Sukhjit Sohal Singh, who was director of temporary staff employment agency Phoenix Midlands Ltd, has been disqualified for seven years for failing to adhere to licencing standards.
He signed a Disqualification Undertaking which bans him from acting as a company director or from managing, or in any way controlling, a limited company from 5 September 2017 until 4 September 2024.
Singh was a director of Phoenix Midlands Limited, a temporary employment agency that went into Creditors’ Voluntary Liquidation on 13 November 2015 owing £841,566 to creditors.
Between 13 June 2013 and at least 5 February 2015, Singh failed to ensure that Phoenix Midlands Limited complied with Licensing Standards set out by the Gangmasters Licensing Authority (GLA), the regulatory body. In particular, he was deemed “not fit and proper” to hold a GLA licence, as he not been candid and truthful in all dealings with them. In addition, he had not demonstrated a readiness and willingness to comply with the requirements and standards of the regulatory system and with other legal, regulatory and professional requirements and standards. The GLA licence was therefore revoked.
Aldona O’Hara, Chief Investigator of Insolvent Investigations Midlands & West at the Insolvency Service, said:
When directors of a company do not comply with legislation that is designed to protect employees, and avoidable losses result, the Insolvency Service will fully investigate the circumstances and take action where appropriate.
These disqualifications send a clear message that exploitation of vulnerable workers will not be tolerated.
Notes to editors
Sukhjit Sohal Singh’s date of birth is November 1975 and he currently resides at Rowley Regis, West Midlands.
Phoenix Midlands Limited (CRO No. 08567826) was incorporated on 13 June 2013 and traded from Suite 508C, Hawthorns Business Centre, Halfords Lane, Smethwick, West Midlands, B66 1BB
Sukhjit Sohal Singh was appointed director from 13 June 2013 to 13 November 2015 (the date of Creditors’ Voluntary Liquidation).
The seven year Disqualification Undertaking was accepted by the Secretary of State on 15 August 2017 and commenced on 5 September 2017.
The matter of unfitness, which Singh was found to have been in breach of were:
- Between 13 June 2013 and at least 05 February 2015,he failed to ensure that Phoenix Midlands Limited adhered to Licensing Standards as provided for by the Gang-Masters (Licensing Authority) regulations 2005.
- Singh was the sole appointed director of PML from 13 June 2013 (the date of incorporation) to 13 November 2015 (when Phoenix entered Creditors’ Voluntary Liquidation). The company commenced trading as of 11 December 2013 supplying temporary workers.
- On 26 June 2013, Phoenix applied for a gangmasters licence and on 11 October 2013 a license was granted with two additional licence conditions.
- On 05 February 2014, a compliance inspection was conducted by officers of the GLA. A report dated 14 March 2014, stated that Singh was deemed as being not “fit and proper” to hold a GLA licence as Phoenix was in critical breach of several licensing standards. The breaches referred to the following:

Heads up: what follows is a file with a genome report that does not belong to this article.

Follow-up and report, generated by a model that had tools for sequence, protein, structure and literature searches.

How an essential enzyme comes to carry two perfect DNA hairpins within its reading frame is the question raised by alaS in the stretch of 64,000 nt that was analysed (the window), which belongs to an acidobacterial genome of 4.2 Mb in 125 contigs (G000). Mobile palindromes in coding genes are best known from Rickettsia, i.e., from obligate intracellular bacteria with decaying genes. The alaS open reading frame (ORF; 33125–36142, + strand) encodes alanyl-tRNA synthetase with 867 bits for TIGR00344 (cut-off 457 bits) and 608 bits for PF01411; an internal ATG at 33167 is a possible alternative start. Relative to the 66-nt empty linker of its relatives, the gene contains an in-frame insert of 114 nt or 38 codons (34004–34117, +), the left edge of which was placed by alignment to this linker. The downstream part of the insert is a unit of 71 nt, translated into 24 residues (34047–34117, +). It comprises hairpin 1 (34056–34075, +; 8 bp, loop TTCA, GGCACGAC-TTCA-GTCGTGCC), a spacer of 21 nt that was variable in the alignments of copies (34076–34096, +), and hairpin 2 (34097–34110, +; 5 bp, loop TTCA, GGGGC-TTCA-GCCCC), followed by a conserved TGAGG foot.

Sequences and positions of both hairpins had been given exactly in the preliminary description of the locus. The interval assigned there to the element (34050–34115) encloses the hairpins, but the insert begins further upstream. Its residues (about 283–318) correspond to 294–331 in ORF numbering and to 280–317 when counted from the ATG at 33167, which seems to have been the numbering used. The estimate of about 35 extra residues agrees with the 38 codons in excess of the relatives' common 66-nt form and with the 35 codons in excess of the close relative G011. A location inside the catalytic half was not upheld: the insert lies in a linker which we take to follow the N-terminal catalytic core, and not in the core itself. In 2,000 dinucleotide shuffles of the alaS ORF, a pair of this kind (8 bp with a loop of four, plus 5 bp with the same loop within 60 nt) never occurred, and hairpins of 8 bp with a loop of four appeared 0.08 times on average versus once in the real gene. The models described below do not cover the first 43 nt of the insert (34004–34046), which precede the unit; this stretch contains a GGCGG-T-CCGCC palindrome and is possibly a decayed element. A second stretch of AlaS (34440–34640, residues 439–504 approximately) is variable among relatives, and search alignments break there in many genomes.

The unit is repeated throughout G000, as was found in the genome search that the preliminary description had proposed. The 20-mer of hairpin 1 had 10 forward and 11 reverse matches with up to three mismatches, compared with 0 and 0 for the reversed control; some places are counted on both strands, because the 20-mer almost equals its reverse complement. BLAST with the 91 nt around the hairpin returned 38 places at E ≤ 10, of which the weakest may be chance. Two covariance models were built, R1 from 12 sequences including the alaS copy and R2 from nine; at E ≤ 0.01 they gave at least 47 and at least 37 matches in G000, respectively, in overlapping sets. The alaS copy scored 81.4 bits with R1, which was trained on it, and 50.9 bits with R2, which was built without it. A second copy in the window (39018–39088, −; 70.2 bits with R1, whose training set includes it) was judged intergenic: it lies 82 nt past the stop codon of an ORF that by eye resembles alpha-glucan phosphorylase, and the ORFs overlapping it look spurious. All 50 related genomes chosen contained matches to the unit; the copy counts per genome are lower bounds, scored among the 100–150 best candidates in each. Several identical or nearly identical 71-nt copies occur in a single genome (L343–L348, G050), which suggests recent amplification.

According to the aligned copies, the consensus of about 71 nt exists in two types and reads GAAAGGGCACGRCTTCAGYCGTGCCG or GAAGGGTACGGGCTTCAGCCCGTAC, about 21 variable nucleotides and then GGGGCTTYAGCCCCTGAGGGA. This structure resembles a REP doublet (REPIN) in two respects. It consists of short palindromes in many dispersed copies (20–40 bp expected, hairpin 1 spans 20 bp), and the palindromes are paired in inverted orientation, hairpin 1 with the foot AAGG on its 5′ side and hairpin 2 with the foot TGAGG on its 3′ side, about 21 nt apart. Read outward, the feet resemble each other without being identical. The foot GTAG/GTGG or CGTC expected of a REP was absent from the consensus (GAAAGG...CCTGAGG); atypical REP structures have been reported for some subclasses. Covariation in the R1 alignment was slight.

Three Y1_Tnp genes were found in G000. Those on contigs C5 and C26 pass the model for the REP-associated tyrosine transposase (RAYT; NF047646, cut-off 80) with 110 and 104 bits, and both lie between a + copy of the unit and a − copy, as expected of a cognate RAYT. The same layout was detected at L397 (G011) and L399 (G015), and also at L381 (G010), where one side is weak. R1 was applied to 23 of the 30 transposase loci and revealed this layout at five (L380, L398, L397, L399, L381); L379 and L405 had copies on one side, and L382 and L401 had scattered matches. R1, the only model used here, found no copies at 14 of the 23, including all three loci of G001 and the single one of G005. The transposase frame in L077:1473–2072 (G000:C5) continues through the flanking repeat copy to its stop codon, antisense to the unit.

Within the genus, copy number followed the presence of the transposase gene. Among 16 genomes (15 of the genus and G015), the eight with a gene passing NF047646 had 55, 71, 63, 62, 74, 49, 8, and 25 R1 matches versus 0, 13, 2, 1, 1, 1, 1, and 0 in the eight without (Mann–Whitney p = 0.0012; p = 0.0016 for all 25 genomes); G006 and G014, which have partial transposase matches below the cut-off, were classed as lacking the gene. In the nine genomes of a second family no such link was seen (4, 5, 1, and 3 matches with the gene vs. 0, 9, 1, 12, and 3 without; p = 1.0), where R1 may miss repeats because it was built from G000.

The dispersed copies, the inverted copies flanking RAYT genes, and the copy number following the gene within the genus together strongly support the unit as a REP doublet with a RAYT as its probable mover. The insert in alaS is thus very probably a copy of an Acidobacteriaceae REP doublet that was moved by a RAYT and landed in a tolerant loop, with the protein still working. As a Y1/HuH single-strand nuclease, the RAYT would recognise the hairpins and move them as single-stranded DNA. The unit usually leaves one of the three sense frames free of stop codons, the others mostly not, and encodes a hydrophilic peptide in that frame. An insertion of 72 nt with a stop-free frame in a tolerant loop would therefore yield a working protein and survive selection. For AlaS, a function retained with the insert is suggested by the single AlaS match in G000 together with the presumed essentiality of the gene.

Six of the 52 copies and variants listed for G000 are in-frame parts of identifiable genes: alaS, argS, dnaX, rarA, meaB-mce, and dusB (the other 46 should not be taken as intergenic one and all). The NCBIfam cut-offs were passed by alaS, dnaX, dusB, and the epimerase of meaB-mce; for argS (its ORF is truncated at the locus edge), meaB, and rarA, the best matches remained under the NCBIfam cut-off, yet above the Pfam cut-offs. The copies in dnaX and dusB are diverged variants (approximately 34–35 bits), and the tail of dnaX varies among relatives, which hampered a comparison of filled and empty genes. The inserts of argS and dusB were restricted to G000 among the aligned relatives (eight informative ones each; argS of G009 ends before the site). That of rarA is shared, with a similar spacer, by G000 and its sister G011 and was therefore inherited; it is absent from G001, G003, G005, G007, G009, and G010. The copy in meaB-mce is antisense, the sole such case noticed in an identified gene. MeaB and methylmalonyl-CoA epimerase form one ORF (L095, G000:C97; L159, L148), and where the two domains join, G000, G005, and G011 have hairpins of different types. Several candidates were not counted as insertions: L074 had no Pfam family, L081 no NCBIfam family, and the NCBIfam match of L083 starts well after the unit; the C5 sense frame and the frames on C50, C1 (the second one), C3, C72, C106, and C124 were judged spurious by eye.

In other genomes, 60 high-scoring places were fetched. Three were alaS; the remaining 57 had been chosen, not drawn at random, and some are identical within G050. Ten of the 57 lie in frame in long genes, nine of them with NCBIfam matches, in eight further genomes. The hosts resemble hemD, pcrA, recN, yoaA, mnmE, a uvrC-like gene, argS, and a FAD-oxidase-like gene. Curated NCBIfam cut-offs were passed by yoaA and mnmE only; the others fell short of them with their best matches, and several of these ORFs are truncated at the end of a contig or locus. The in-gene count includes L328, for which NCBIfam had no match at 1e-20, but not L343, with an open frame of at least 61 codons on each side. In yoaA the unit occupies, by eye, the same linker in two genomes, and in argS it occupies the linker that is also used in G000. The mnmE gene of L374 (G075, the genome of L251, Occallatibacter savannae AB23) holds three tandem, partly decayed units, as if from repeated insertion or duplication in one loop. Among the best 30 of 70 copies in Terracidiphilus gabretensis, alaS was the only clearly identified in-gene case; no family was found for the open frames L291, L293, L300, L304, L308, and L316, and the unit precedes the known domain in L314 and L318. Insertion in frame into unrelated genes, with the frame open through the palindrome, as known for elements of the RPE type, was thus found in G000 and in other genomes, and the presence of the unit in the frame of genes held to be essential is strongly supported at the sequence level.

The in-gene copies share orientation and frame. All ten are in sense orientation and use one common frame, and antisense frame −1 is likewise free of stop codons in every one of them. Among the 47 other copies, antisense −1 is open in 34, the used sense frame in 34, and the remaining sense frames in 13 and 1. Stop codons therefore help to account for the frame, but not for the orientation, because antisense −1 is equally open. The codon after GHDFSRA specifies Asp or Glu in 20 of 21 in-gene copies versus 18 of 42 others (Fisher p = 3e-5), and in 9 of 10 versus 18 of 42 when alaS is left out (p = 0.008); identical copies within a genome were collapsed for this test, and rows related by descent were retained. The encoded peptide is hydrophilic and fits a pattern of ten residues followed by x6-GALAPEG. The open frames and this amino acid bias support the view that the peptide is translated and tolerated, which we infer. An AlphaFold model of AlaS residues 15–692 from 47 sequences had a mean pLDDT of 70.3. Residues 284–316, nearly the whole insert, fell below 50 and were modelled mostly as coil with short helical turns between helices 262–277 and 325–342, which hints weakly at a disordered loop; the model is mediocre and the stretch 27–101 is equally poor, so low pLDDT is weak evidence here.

- Singh had not been candid and truthful in all dealings with the regulatory body (GLA) and he had not demonstrated a readiness and willingness to comply with the requirements and standards of the regulatory system and with other legal, regulatory and professional requirements and standards;
- he had been influenced by a third party who the GLA considered not to be “fit and proper”;
- he did not have sufficient understanding of the GLA Licensing standards and/’or has sufficient management processes;
- The company was not registered with HM Revenue and Customs (HMRC) in respect of income tax and National Insurance;
- PAYE/NIC had not been calculated and deducted from the workers wages which was a direct contravention of the licensing standards requirement of HMRC.
A disqualification order has the effect that without specific permission of a court, a person with a disqualification cannot:
- act as a director of a company
- take part, directly or indirectly, in the promotion, formation or management of a company or limited liability partnership
- be a receiver of a company’s property
Disqualification undertakings are the administrative equivalent of a disqualification order but do not involve court proceedings.
Persons subject to a disqualification order are bound by a range of other restrictions.
The Insolvency Service, an executive agency sponsored by the Department for Business, Energy and Industrial Strategy (BEIS), administers the insolvency regime, and aims to deliver and promote a range of investigation and enforcement activities both civil and criminal in nature, to support fair and open markets. We do this by effectively enforcing the statutory company and insolvency regimes, maintaining public confidence in those regimes and reducing the harm caused to victims of fraudulent activity and to the business community, including dealing with the disqualification of directors in corporate failures.
Further information about the work of the Insolvency Service, and how to complain about financial misconduct, is available.
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